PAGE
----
Nothing is more frustrating than applying for a job you want and being told you’re “overqualified.” Arrggh!!
You figure that, “Hey, if I’m willing to take this work—work that my skills and experience clearly show I am more than capable of doing—then employers should be thrilled to have me.”
Many employers are actually suspicious of applicants with too many qualifications. They fear you’re just slumming until something better comes along, or you’re going to want too much money, or you’re really after the boss’s position, or you’ll make other employees feel small, or you’ll resent being supervised by a younger or less-experienced manager, or, finally, that you are incompetent (because if you were any good, they reason, you’d be gunning for a better job). What’s even worse is that employers often won’t say the reason they’re not hiring you is because they think you’re overqualified. They just never call you back.
In other words, here’s what they are concerned about:
1.You’ll be bored in this position.
2.You won’t be satisfied with the salary they’re offering.
3.You’ll leave as soon as you get a better opportunity.
They’ll have to go through the time-consuming and expensive process of hiring and training someone all over again. This may or may not make you feel better about being “overqualified,” but you must admit those are legitimate concerns.
If you get the “overqualified” excuse once, you’ll be wary about getting it again. So if you apply for other jobs that may be at a lower level than warranted by your background, skills, education and experience, you may be tempted to “dumb down” your resume and omit things like college degrees. But lying about your background is not the way to go.
Here’s a better strategy: address it head-on.
Be the first one to raise the “overqualified” issue with a potential employer. If you bring it up yourself, you can discuss it openly and convince the interviewer that it won’t be a problem.
The key–as with every job interview issue–is to anticipate and prepare. Before you go to the interview, think about what you’ll say and how you will convince them that they should hire you, even if you are “overqualified.”
After explaining how you will be a great asset for their company, tell them why you are applying for a lower-level position. Say something like, “You can tell that I’ve worked at a higher level before, but this position is exactly what I’m looking for.” Then, depending on the job and your circumstances, explain why. For example:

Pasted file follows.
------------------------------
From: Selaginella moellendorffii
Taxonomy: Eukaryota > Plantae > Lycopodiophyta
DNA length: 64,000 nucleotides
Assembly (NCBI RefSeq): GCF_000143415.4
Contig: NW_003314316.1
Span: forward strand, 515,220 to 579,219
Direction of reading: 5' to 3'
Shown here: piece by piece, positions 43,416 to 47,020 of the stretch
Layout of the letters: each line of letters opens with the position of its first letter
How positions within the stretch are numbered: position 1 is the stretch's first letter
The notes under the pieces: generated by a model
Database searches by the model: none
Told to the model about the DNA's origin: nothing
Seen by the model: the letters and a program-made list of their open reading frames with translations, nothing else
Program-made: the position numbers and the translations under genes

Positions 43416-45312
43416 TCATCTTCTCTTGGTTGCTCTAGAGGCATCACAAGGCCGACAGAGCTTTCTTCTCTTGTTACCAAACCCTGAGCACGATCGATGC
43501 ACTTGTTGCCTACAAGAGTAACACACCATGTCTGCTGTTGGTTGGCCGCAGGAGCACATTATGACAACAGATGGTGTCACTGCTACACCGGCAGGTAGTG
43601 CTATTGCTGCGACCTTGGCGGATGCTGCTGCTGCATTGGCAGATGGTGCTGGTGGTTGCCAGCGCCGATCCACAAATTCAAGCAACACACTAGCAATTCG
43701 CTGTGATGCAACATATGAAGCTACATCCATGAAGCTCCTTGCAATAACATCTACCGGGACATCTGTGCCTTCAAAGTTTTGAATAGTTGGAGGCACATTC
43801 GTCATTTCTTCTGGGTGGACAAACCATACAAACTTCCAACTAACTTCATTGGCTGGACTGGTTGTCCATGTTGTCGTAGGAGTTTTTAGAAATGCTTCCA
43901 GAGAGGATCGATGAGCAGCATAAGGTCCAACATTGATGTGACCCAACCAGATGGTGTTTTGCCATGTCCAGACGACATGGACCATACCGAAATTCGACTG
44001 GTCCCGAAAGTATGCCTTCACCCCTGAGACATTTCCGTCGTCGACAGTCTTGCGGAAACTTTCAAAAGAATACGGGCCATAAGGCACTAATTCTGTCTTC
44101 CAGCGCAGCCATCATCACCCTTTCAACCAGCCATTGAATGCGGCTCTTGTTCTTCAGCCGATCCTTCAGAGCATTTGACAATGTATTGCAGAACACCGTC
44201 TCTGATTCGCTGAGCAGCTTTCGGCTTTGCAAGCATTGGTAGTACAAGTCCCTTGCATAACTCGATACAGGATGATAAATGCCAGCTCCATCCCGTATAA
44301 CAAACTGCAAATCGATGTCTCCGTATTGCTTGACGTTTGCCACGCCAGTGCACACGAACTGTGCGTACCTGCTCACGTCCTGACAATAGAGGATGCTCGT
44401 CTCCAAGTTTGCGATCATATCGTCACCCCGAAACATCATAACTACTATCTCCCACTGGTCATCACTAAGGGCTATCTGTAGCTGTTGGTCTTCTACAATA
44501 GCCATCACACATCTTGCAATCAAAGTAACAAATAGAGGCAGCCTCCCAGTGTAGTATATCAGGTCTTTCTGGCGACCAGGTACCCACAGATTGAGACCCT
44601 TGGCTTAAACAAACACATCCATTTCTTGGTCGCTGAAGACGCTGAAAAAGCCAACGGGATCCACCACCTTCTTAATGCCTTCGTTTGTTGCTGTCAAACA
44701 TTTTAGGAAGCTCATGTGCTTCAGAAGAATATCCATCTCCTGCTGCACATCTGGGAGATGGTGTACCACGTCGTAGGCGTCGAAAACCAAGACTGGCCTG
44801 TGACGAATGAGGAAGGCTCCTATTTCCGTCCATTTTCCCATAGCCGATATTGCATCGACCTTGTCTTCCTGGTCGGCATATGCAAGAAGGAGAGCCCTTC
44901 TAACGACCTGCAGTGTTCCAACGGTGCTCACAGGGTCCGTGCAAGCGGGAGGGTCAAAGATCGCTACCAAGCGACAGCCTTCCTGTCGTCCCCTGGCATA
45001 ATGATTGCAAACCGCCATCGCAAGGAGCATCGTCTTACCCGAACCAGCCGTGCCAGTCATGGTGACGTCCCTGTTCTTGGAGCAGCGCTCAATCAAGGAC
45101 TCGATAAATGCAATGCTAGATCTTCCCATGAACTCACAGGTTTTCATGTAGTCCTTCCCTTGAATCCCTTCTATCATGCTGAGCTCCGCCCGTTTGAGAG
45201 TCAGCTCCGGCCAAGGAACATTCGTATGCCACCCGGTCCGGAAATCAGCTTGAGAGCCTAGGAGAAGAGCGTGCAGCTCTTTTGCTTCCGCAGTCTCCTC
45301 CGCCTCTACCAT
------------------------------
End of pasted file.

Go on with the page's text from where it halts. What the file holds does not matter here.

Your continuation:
“I’ve always wanted to work for your company (or in this industry), and I’m willing to take a lower-level position to get that opportunity.”
“It will allow me to use my skills and expand my experience in a new field.”
“I’m looking for something a little less stressful, with fewer responsibilities, so I can spend more time with my family.”
“This position provides the stability and long-term growth potential I’m looking for.”
“The salary is not my top priority. I’d have no problem with earning less than I’ve earned in the past.”
Other helpful tips:
Keep your ego in check. Particularly if your interviewer is younger than you, take care not to come off as a know-it-all. Show that you’re a team player and, without being overwhelming, how you’d be perfect for the job.
Prove loyalty. If you sense the employer suspects you’ll quit the minute you find something better, mention your longevity at previous jobs. Most employers believe that past performance is an indicator of future performance.
Offer to sign a contract. Some job coaches suggest saying, “Your company is exactly what I’m looking for. In fact, I want this job so much I will commit to staying a minimum of a year.” Alternatively, offer to work on a trial basis, no strings attached, for, say, a month. Your superior qualifications mean you’ll need little or no training, and you’ll be so wonderful the employer may not be able to let you go.
Be honest. If the reason you’re seeking a lower-level job is because you need to care for an aging parent or an ill child, then say so. However, don’t let the employer conclude you’ll be too distracted with home concerns to do a good job. Show enthusiasm (see below). Convince the employer this job is exactly what you’re looking for, not a “second choice” or a “stop gap.”
(Note: It’s possible to be too honest. Do not say, “I’m willing to take this job because I can’t find anything else.” Everything you say or do should be calibrated to make you look like a great hire that the employer just can’t afford to pass up.)
Be enthusiastic. A genuine eagerness about the job and a true desire to work for this particular company will incline hiring managers in your favor.
Let others speak for you. A third party’s endorsement is often more powerful than anything you can say. Make sure your references and your network are saying the right things in regard to your background.
Bonnie Lowe, www.Best-Interview-Strategies.com